Hank Aaron Award 2018
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J.D. Martinez and Christian Yelich win 2018 Hank Aaron Awards

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Red Sox DH J.D. Martinez and Brewers outfielder Christian Yelich have been named the AL and NL Hank Aaron Award winners for the 2018 season, according to an official announcement from Major League Baseball on Friday. The awards were officially presented to the players during a pregame ceremony prior to Game 3 of the World Series.

Martinez, 31, is rounding off a career-best year at the plate — which proved fortuitous for the Red Sox after they inked him to a five-year, $110 million deal over the offseason. In 2018, he came away with 43 home runs, second-most in either league during the regular season, and batted a cool .330/.402/.629 with 5.9 fWAR and a league-leading 130 RBI across 649 plate appearances. While postseason performances aren’t taken into account for the offense-focused Hank Aaron Awards, Martinez performed well there, too, hitting at a .333/.429/.538 clip up through Game 2 of the World Series.

Yelich, 26, is a clear frontrunner for NL MVP after dominating at the plate throughout the 2018 season. He blazed his way up the leaderboard with a .326/.402/.598 batting line, 36 homers, and fourth-best 7.6 fWAR in 651 PA, and his 1.000 OPS was the highest among any National League hitter, to boot. He’s also the second-ever Brewer to earn the award since Prince Fielder first nabbed it in 2007.

This marks the second time in three years during which a Red Sox designated hitter has taken home the American League award. Former Red Sox slugger David Ortiz earned the distinction in 2016 as well, while last year’s awards went to Astros second baseman and AL MVP José Altuve and former Marlins outfielder and NL MVP Giancarlo Stanton.

Report: Padres have discussed trading Wil Myers for Mariners’ Jean Segura and Mike Leake

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Ken Rosenthal of The Athletic reports that the Padres have discussed with the Mariners a potential trade in which outfielder Wil Myers would head to Seattle in exchange for shortstop Jean Segura and starter Mike Leake. Leake would need to waive his no-trade clause in order to make the deal work.

Myers has four years and $64 million remaining on his contract with a $20 million club option for 2023 as well. Segura has four years and $58 million remaining with a $17 million club option for 2023. Leake is under contract for two more years with $36 million remaining as well as an $18 million mutual option for 2021.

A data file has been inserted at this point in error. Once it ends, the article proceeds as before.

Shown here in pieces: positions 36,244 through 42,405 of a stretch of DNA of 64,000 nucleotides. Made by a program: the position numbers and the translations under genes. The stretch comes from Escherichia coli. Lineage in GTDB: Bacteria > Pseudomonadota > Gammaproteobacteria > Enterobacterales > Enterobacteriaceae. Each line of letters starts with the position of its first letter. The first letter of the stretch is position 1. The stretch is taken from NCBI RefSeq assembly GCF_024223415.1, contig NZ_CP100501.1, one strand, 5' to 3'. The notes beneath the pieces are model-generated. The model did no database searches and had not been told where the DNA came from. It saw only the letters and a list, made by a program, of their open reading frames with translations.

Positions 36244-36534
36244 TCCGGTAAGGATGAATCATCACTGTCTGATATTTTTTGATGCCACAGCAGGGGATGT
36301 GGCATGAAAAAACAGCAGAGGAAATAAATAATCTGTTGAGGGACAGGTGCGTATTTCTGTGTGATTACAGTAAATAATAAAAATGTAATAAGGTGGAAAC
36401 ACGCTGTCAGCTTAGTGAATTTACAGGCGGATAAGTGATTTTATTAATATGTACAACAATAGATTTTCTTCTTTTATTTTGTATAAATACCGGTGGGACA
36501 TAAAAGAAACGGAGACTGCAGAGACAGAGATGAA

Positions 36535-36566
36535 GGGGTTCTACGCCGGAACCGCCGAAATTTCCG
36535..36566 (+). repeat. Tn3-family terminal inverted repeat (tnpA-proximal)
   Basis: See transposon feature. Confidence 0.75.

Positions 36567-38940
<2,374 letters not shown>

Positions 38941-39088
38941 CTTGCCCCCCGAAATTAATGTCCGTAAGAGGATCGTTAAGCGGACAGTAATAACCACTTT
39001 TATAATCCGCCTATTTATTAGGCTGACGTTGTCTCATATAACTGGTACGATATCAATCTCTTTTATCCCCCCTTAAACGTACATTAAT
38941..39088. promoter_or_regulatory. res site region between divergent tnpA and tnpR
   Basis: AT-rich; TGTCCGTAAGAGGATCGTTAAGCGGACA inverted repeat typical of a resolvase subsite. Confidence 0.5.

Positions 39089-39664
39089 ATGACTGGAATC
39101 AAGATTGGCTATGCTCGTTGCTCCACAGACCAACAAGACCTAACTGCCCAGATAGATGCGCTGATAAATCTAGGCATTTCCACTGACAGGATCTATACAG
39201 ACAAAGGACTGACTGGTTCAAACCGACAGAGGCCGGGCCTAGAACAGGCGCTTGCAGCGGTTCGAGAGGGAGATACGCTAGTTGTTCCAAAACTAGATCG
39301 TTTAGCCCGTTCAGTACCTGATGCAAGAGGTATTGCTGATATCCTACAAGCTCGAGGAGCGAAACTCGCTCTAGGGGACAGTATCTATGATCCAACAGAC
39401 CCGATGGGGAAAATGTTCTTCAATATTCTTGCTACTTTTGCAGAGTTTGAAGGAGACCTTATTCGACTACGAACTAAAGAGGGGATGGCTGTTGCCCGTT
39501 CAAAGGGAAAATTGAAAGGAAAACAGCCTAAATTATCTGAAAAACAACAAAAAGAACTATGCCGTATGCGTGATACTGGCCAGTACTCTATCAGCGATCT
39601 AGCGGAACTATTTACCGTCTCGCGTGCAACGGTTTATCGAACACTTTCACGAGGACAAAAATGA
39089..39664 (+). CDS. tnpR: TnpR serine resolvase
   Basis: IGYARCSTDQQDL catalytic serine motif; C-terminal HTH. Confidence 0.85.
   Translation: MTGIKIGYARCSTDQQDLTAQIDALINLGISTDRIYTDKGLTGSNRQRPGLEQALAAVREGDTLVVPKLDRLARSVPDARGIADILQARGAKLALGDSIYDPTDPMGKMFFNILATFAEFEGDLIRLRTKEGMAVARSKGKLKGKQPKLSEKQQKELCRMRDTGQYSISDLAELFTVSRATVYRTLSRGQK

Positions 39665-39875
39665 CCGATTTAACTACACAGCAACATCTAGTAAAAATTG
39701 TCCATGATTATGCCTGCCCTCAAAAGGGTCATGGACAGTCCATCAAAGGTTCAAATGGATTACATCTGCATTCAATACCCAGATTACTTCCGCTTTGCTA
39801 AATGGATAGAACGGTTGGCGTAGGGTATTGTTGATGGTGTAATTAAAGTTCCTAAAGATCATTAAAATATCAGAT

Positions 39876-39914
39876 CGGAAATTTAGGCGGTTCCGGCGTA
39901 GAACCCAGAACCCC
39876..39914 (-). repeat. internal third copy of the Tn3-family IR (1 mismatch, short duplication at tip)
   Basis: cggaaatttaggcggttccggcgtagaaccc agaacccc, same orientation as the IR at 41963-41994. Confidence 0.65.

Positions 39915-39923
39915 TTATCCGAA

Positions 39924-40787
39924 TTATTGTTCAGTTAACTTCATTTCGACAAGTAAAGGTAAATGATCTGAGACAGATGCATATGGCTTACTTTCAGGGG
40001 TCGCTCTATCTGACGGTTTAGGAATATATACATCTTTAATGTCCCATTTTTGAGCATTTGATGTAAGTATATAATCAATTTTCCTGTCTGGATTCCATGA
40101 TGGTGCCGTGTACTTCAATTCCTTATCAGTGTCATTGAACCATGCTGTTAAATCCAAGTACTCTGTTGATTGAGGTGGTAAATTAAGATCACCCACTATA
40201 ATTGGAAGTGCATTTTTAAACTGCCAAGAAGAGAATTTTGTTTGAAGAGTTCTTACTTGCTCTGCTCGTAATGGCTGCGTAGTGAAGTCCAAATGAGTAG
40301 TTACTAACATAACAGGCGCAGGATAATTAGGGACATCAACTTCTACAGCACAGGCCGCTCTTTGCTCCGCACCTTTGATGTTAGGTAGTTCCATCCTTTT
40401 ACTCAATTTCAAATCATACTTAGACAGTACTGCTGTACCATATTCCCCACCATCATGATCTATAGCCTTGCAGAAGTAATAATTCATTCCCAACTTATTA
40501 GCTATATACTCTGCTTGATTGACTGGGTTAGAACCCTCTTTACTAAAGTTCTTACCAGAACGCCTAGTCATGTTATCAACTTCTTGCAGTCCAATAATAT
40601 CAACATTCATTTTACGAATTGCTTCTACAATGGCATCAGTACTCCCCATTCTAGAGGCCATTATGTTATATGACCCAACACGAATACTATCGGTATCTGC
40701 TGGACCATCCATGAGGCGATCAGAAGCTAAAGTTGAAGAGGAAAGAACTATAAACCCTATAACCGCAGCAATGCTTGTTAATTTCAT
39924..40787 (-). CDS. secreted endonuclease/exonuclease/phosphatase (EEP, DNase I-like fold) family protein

This past season, Myers battled elbow, oblique, and foot injuries last season, limiting him to 83 games and 343 plate appearances. He hit .253/.318/.446 with 11 home runs, 39 RBI, 39 runs scored, and 13 stolen bases. Myers played all over the field for the Padres, spending time at third base and both outfield corners as well as first base and a brief inning in center. If Myers were to go to Seattle, he would likely handle first base on a full-time basis.

2018 marked an All-Star campaign for Segura, who hit .304/.341/.415 with 10 home runs, 63 RBI, 91 runs scored, and 20 stolen bases in 632 plate appearances. Baseball Reference tallies him at 13 WAR over the last three seasons, so he would certainly be an impact player for the Padres. Rosenthal suggests Segura could handle shortstop for the Padres until top prospect Fernando Tatis, Jr. is ready. Segura would then move to second base. Alternatively, Tatis could potentially move to third base.

Leake, 31, is essentially a throw-in player in the deal. This past season, the right-hander put up middling numbers, finishing 10-10 with a 4.36 ERA and a 119/34 K/BB ratio in 185 2/3 innings. He would have no problem slotting into the Padres’ rotation.

Rosenthal takes care to point out that this suggested deal is not believed to be close, but it is notable that such a swap is being considered. On Monday, the Mariners traded starter James Paxton to the Yankees. The Mariners are believed to be setting their sights further down the line to be competitive. It could become a full-blown rebuilding effort. It’s a shame because the Mariners had a solid 2018, finishing 89-73, but they finished 14 games behind the Astros and were even eight games behind the second-place Athletics. The way front offices approach competing these days, finishing above .500 but out of the postseason isn’t good enough.